Off to Neverland

Off to Neverland

13 April 2017

Kate Wyver demands we're given the space to play

“Kids you know- they’re the only ones who use language properly.” - Josh Overton, Sad Little Man

In the previous issue of Noises Off, Ghee Bowman suggested that student theatre is ignoring the classics, and focusing too much on the new and experimental.

In Wednesday’s discussion, Chris Thorpe brought up the idea of "cleverness" and how that compares to "knowledge". I think Bowman is looking for a traditional idea of cleverness, where the intellectual reigns and where everything ties up neatly. New writing provides a platform to adapt those old ideas of "clever", and responding to the immediate world around us – as so many of these shows have done – develops knowledge.

Bowman asks, is that what "happens in your university?” Is this wacky, unstructured madness that we learn? 

I wish.

Actually, a lot of university courses are stuck facing the wrong way too. This stuff? We’re growing these ideas in parks late at night, in the graffiti on toilet doors, in drunk 3am conversations and on sofas wrapped in blankets. We’re developing them in newspapers and play-parks and shopping centres and lunch queues and refugee camps and in front of the TV and behind the person who’s getting the attention and in between the breaks of our two jobs and studies. We’re making them in love and in laughter and in sadness and in confusion and in anger and in photos and on Facebook and you know what? In our own time.

Bowman quoted productions of Medea and The Resistible Rise of Arturo Ui that had struck him at previous festivals, but Daniel, The Beanfield and I Can’t Breathe will stick with me far more than many productions I’ve seen that were written by men who have been dead for longer than I have been alive.

Every show has flaws, and yeah, some of the new shows at NSDF this year have holes big enough that you’d fall right into them and keep going for a week. But fuck that, because these shows have been stuck together with passion and effort and ideas, and if the artists choose to abandon plot or character or dialogue, let’s allow them that freedom. Look at what happens when you give them the space to play – you get the joy of Celebration, the emotion of Sad Little Man, the sincerity of No Human is Illegal and the technological genius of Nothing is Coming, the Pixels are Huge.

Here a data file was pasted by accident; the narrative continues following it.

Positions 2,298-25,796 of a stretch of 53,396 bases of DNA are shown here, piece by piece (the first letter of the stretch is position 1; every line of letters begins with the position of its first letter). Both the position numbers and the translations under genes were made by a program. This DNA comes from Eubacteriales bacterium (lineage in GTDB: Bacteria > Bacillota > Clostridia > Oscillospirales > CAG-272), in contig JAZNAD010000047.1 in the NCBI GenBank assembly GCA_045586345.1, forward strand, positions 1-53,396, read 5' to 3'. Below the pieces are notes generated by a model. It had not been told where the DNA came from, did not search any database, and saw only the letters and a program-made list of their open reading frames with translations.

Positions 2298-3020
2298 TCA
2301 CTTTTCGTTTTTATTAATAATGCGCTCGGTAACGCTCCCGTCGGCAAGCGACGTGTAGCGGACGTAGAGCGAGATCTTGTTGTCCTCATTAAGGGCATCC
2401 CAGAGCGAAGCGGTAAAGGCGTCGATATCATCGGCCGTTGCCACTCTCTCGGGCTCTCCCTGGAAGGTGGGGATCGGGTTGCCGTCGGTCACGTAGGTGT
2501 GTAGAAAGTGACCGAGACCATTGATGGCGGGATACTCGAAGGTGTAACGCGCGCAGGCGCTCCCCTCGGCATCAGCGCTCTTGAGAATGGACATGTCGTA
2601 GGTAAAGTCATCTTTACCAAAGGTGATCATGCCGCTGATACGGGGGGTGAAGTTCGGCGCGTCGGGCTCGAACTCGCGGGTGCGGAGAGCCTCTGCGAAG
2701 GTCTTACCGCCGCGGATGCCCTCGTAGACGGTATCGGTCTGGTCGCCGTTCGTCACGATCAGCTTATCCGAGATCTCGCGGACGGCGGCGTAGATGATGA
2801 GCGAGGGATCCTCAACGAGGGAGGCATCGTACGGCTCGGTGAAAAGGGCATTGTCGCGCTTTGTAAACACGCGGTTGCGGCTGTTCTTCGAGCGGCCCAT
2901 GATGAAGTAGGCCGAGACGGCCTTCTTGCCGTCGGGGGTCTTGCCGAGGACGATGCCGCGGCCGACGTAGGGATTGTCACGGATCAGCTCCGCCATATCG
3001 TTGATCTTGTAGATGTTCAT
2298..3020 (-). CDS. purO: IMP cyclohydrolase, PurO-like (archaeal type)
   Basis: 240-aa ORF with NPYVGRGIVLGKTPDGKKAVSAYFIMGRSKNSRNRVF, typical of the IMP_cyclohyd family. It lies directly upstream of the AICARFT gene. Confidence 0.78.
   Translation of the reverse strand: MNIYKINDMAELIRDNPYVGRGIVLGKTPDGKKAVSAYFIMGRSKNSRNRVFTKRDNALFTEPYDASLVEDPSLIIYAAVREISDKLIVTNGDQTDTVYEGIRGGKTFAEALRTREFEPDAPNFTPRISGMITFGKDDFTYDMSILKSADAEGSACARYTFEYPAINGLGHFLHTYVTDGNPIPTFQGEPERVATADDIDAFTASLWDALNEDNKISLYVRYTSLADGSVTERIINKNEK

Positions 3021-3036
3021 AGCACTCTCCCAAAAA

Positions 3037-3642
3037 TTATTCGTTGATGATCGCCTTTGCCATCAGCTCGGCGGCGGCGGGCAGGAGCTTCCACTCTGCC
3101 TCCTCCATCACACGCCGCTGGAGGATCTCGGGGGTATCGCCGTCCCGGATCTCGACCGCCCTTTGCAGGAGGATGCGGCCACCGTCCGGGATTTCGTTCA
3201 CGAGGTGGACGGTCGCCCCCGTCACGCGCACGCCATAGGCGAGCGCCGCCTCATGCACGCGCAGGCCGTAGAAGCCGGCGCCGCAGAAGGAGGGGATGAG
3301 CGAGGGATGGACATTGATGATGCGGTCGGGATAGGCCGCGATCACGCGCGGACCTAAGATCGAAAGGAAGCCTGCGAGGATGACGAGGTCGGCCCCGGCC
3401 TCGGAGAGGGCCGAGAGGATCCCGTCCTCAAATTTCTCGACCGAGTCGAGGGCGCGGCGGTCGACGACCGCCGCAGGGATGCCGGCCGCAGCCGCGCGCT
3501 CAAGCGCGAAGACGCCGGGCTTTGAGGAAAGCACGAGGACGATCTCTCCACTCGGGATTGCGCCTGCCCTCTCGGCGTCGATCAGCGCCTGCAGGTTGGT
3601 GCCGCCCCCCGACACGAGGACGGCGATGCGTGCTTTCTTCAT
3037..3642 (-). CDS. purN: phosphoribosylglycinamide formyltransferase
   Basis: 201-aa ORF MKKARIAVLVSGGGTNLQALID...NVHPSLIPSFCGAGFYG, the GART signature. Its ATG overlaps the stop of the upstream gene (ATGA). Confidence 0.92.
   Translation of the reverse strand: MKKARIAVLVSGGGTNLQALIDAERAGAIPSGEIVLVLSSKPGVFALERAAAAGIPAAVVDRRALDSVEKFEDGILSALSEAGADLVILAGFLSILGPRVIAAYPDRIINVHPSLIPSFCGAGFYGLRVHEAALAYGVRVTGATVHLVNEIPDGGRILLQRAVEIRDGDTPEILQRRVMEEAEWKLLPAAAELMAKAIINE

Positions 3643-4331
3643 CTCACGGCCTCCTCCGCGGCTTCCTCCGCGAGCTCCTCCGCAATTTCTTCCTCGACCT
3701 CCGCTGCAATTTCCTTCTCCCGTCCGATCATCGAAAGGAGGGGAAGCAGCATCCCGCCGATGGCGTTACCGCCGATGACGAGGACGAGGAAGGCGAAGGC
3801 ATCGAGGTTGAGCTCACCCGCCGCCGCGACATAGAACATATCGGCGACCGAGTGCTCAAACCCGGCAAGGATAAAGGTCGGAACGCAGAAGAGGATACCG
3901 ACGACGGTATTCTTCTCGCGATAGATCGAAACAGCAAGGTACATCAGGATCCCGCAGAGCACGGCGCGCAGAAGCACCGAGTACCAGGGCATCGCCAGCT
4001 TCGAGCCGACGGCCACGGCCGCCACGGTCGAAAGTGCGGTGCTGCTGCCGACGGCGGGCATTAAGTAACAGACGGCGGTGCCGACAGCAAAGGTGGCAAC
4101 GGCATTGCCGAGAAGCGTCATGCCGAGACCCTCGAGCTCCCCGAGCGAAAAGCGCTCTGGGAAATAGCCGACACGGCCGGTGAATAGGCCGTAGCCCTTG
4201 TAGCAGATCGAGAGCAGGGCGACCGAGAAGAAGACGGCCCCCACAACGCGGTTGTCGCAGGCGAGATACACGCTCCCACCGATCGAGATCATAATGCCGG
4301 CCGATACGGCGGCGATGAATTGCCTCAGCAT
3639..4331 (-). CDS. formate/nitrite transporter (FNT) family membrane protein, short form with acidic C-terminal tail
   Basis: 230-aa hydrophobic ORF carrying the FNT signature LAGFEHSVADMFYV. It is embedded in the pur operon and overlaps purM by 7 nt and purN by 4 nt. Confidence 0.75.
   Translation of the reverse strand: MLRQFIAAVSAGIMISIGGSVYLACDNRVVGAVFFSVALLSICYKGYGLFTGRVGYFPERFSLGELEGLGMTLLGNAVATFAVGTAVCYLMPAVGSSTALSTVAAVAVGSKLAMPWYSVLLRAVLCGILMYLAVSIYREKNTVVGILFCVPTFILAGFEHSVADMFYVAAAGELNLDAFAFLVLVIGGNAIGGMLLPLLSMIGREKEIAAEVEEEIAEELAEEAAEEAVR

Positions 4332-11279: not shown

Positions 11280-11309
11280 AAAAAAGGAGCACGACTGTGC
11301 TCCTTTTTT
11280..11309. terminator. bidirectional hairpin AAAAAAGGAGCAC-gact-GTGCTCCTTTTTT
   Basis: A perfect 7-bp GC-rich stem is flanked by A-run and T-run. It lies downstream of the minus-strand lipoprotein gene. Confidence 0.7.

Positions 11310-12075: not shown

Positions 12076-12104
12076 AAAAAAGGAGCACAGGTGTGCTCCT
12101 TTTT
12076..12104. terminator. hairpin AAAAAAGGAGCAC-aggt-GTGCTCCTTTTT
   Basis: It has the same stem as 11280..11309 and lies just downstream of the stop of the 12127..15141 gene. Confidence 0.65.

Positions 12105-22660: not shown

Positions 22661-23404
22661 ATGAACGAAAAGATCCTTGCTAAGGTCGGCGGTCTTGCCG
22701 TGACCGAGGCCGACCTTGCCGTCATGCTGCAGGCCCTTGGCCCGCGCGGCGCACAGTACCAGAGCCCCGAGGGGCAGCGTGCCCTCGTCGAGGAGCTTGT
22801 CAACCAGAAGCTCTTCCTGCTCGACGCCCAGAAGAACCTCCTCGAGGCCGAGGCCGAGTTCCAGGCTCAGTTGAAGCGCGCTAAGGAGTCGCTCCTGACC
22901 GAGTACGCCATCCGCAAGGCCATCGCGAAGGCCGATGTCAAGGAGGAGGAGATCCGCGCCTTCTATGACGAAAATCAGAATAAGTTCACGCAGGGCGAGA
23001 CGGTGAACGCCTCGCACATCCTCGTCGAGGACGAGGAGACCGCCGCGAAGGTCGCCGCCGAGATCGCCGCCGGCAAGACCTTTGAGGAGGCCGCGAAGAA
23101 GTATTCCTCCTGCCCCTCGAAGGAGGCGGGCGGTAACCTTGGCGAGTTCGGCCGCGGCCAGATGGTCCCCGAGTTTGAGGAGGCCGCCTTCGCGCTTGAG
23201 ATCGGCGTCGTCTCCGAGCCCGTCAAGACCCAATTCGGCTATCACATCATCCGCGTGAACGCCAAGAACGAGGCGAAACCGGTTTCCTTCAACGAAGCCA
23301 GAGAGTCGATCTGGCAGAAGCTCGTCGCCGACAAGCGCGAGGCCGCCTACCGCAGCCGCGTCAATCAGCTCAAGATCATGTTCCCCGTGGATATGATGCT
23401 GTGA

Maybe some of these shows won’t have a life past this festival. But maybe some of them will still be talked about in 50-years' time. Maybe they’ll inspire someone to develop something that is talked about in hundreds of years' time. Maybe the most they will be is a liberal clap on the back. Maybe we’ll learn something new. Maybe we’ll just have a party.

In the discussion on Wednesday, Ben Kulvichit from Celebration said that whether or not their play has achieved its aim of creating an hour of joy, “we’re trying”. As cuts increase and the world seems to care less about theatre (or as the team from Pixels suggest, robots will be taking over soon anyway), give us our space to play. Let us try. If we decide to revive the words of a dead white man, let us do it on our terms, but if we decide to discard them and make something new, stop putting us down and let us run with it.

Let us read widely and let us YouTube broadly. Let us analyse deeply and let us surf haphazardly. Let us focus or let us have 50 tabs open at once. Let us experiment. Let us do it our way.

This is our time, and NDSF is our festival.

Let us value the young voices. Let us not grow up yet. Let us try.

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Photo credit: Giulia Delprato